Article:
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In This Issue (<em>ASK</em> 51)

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Don Cohen, Managing Editor


In “Our Knowledge Legacy,” NASA Chief Knowledge Officer (CKO) Ed Hoffman describes his visit with elementary-school children in Brooklyn, some of whom may become NASA engineers, scientists, or managers decades from now. Talking to those smart, enthusiastic students, he realized how important it is to preserve and transmit the agency’s rich store of knowledge so that future employees can build on it to advance aeronautics and space science and exploration. No NASA mission starts absolutely from scratch. They all depend on knowledge gained from the experience of earlier work. As several articles in this issue of ASK make clear, effectively fostering and sharing that knowledge demands thoughtfulness, skill, and creativity.

Edward Rogers, who has been Goddard’s CKO for more than a decade, shares lessons from “The Knowledge Management Journey,” including the importance of fitting knowledge activities to people’s specific needs and ways of working, rather than trying to impose pre-existing knowledge management techniques on them. Rogers has helped make “pause and learn” reflection and case-study discussion an integral part of work at Goddard.

In “Creating NASA’s Knowledge Map,” Matthew Kohut and Haley Stephenson discuss a new tool that shows the richness and diversity of knowledge work at NASA’s centers. As it continues to be enriched and refined, the map is likely to be a valuable way to locate essential knowledge anywhere in the agency. That matters because the knowledge required to solve a problem or avoid disaster almost always exists somewhere in the organization. But it is not always available to the people who need it to make sound decisions. Sometimes that knowledge is discounted or ignored, a point Pedro Ribeiro makes in “Predictable Surprises: Bridging Risk-Perception Gaps.” He outlines a technique for addressing that danger.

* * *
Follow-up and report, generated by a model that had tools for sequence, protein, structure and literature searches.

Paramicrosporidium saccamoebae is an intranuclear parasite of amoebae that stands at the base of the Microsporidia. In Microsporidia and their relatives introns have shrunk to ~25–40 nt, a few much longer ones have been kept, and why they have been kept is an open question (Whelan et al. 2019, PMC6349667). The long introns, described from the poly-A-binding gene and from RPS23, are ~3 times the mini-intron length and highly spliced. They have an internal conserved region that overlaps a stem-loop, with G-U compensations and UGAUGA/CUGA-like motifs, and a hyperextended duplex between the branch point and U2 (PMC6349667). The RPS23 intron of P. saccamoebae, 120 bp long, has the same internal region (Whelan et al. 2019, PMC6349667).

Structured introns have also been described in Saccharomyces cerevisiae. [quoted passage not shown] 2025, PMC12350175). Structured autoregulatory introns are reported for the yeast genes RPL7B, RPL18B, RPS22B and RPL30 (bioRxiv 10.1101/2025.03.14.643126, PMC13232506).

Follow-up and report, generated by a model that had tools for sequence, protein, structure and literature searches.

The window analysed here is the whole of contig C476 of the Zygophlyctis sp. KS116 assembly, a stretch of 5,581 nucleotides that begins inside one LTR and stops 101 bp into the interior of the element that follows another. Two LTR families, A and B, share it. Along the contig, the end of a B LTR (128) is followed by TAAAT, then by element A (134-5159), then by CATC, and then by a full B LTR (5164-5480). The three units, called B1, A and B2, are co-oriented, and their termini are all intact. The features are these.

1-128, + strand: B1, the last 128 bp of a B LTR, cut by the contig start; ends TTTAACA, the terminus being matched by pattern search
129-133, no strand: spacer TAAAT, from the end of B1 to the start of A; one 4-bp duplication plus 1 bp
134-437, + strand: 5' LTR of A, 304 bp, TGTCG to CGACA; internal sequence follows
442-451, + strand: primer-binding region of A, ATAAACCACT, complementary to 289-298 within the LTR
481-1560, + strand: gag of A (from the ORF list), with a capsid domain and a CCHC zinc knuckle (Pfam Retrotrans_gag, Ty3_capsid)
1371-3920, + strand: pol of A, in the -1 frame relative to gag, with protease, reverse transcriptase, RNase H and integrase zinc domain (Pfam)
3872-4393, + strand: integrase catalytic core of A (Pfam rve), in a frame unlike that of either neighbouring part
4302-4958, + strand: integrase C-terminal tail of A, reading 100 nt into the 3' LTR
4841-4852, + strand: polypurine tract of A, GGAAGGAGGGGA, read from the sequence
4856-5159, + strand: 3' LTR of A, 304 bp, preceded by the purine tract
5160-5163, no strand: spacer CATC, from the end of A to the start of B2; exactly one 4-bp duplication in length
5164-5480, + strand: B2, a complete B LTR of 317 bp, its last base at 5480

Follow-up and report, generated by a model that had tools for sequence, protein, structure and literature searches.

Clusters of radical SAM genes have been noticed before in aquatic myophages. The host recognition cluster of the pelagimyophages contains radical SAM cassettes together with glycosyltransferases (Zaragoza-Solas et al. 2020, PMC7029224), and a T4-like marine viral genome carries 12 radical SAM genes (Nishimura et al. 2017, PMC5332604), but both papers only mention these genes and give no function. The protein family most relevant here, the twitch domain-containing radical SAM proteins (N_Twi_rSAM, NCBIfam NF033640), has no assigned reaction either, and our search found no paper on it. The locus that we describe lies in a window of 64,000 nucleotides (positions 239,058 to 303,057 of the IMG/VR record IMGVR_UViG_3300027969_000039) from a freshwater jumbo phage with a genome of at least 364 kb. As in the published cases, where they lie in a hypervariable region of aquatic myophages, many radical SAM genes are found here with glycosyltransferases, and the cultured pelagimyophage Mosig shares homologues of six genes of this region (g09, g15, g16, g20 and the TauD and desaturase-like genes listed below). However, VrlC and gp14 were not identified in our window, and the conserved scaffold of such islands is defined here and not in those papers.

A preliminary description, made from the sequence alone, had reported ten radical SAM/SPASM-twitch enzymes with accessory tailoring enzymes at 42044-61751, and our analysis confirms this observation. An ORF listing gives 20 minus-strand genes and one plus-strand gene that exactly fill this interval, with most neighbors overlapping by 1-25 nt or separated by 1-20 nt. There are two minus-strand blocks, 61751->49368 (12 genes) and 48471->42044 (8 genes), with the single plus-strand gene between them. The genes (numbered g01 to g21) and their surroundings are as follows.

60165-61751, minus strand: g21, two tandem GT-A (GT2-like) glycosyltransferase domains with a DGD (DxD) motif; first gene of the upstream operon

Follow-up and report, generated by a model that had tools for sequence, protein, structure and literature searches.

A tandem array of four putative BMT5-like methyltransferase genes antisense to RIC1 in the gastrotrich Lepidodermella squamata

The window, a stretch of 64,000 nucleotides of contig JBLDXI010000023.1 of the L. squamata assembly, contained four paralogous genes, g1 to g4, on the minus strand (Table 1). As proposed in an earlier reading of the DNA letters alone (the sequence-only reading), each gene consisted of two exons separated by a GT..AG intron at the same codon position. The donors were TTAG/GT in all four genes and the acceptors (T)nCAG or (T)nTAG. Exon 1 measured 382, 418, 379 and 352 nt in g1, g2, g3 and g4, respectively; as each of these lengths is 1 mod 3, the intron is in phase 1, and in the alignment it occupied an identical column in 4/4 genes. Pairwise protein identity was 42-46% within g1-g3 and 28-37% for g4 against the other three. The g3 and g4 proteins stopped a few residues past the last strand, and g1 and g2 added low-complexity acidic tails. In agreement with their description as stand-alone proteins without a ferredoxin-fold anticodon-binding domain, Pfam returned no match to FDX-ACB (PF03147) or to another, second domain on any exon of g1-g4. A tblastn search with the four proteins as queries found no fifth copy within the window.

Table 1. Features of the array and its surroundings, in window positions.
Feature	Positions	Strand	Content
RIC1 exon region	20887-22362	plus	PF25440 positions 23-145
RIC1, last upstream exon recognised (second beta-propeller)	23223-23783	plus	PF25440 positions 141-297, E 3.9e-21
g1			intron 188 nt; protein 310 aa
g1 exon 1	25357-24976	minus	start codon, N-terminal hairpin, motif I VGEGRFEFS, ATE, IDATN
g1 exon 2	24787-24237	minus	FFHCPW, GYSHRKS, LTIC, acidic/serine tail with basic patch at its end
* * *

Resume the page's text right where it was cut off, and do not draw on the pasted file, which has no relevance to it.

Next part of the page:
Of course NASA is also in the business of developing new expertise. In “Back to the Future: KSC Swamp Works,” Kerry Ellis describes labs at Kennedy Space Center designed to create knowledge by bringing together people with diverse backgrounds and by hands-on experimentation, building prototypes that teach the experimenters things they could never have learned from abstract planning or design. Aware of the importance of making what they discover available to others, the Swamp Works teams are also careful to document their work as they go along.

Laurie Stauber’s “University Capstone Projects: Small Investments, Big Rewards” describes another way to acquire new knowledge. Glenn Research Center partners with several universities on student projects that explore space-medicine issues, providing valuable experience for the students and valuable learning to NASA.

The right knowledge is essential to project success but not sufficient to make it happen. A couple of articles in this issue demonstrate the importance of leadership and good communication. In “The Road to New Flight Software,” Christopher Krupiarz shows how the Applied Physics Laboratory at Johns Hopkins worked with several NASA centers to build complex new software. And Keith Woodman and Debi Tomek’s “Lessons on Leadership: The Evolution of the Radiation Protection Project” describes the skilled leadership that kept a project alive and well in spite of numerous changes that could have killed it.

Don Cohen
Managing Editor

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